Moreover, the war especially, the nuclear war is not beneficial for China as it may have a direct negative impact on its economic development and growth. It may perish Chinese long term economic programs. Reigniting a new war in the region can also be a source of direct conflict between the US and China, meaning that the world will lose rather a particular country. The next article will be devoted to the topic of the US and the Middle East.
1st year undergraduate in ‘World Politics’
Department of Political Economy
The proponents of the “China threat” theory including John Mearsheimer himself have argued that China was a revisionist power which would challenge the Western world order. Unfortunately, Chinese officials have saddened the theory’s supporters because China is on the track of “peaceful rise.” China has been very much involved in Bretton Woods institutions and is trying to consolidate its position of what Robert Zoellick once called “responsible stakeholder” (Scott and Wilkinson, 2013). It strives for getting more powers inside those institutions rather challenging them – particularly since Trump’s withdrawal from TPP and Paris agreement. This factor and the striking economic growth and development alongside with military modernisation should be and is a concern for the US.
It is known that any relationship between two countries are shaped by actions originated from both sides. Thus, Obama’s actions have shaped different relations with China compared with his successor Donald J. Trump. Barack Obama stated “the relationship between the United States and China is the most important bilateral relationship of the 21st century” (https://www.brookings.edu/opinions/assessing-u-s-china-relations-under-the-obama-administration/). Obama’s initial approach to China has evinced that the US won’t try to contain Chinese advancement and the US won’t seek to be the “top dog.” Nevertheless, under the Obama administration there was a policy plan to curb China. It was dubbed as “rebalance to Asia-Pacific.” The policy shifted US focus from Europe to Asia, but to a limited extent. The plan contained trade isolationism of China. Namely, Trans-Pacific Partnership trade-agreement which did not involve China. Also, the Obama administration tried to take advantage of China’s problems with its neighbours. Despite these policy plans China could develop and become increasingly stronger. Its manufacturing industry has surpassed the US manufacturing industry which is a key industry for having a strong and rich economy.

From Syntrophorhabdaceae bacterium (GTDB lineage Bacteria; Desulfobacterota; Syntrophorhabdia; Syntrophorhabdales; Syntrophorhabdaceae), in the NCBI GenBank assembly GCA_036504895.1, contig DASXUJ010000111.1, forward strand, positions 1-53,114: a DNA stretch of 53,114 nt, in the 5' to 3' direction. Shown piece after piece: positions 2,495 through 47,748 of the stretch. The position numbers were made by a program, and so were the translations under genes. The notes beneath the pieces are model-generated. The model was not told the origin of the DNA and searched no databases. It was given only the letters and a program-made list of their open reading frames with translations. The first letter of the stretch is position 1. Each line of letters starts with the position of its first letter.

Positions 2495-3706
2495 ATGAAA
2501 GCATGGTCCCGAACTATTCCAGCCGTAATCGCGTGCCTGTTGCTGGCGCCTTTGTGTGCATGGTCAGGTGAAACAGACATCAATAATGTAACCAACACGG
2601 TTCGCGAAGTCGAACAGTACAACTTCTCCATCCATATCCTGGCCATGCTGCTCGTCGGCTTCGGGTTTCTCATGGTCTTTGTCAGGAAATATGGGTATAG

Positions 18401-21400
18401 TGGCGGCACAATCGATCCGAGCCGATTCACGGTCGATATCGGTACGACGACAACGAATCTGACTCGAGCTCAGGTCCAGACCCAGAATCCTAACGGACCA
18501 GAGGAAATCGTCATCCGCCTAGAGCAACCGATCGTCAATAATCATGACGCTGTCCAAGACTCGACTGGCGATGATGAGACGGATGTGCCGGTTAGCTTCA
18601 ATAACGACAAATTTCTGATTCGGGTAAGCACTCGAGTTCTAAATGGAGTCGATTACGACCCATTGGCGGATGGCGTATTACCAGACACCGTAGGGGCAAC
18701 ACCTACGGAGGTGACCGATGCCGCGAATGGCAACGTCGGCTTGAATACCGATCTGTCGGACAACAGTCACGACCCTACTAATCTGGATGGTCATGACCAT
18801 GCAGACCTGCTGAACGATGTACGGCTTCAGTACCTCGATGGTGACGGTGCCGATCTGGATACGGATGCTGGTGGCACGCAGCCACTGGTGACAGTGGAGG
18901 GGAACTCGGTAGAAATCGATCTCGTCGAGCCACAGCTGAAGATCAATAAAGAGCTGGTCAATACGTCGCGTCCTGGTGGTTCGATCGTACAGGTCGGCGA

Thus, a question flows out whether Obama failed to contain China or not? Well, my answer is yes. However, it will be foolish to ignore Obama’s success in bringing up a constructive China which has been ready for cooperation. Obama’s policy has failed because China has been successful enough to overcome trade-isolation and managed to strengthen its grasp over the BRICS, and initiated “One belt, One road” program. These programs enable China to enlarge and consolidate its economic growth and in the long term to be crowned as the world’s greatest economic power. This, of course, won’t be welcomed by the US. The factual reality tells us that notwithstanding Obama’s plans China could grow and keep up the fast pace of its economic growth.
With regard to trade China has been victorious. However China’s problems with its neighbours have been “exploited” effectively by the Obama administration, though there have been backfires as well. The South China sea dispute gave the US a chance to have a consistent plan of increasing the number of its allies in Asia. Japan, Vietnam, South Korea, and other countries have grouped around the US even closer in terms of both military and economic cooperation. This trajectory of the US role in Asia is Obama’s legacy. From this perspective, the US could use effectively its “smart power.”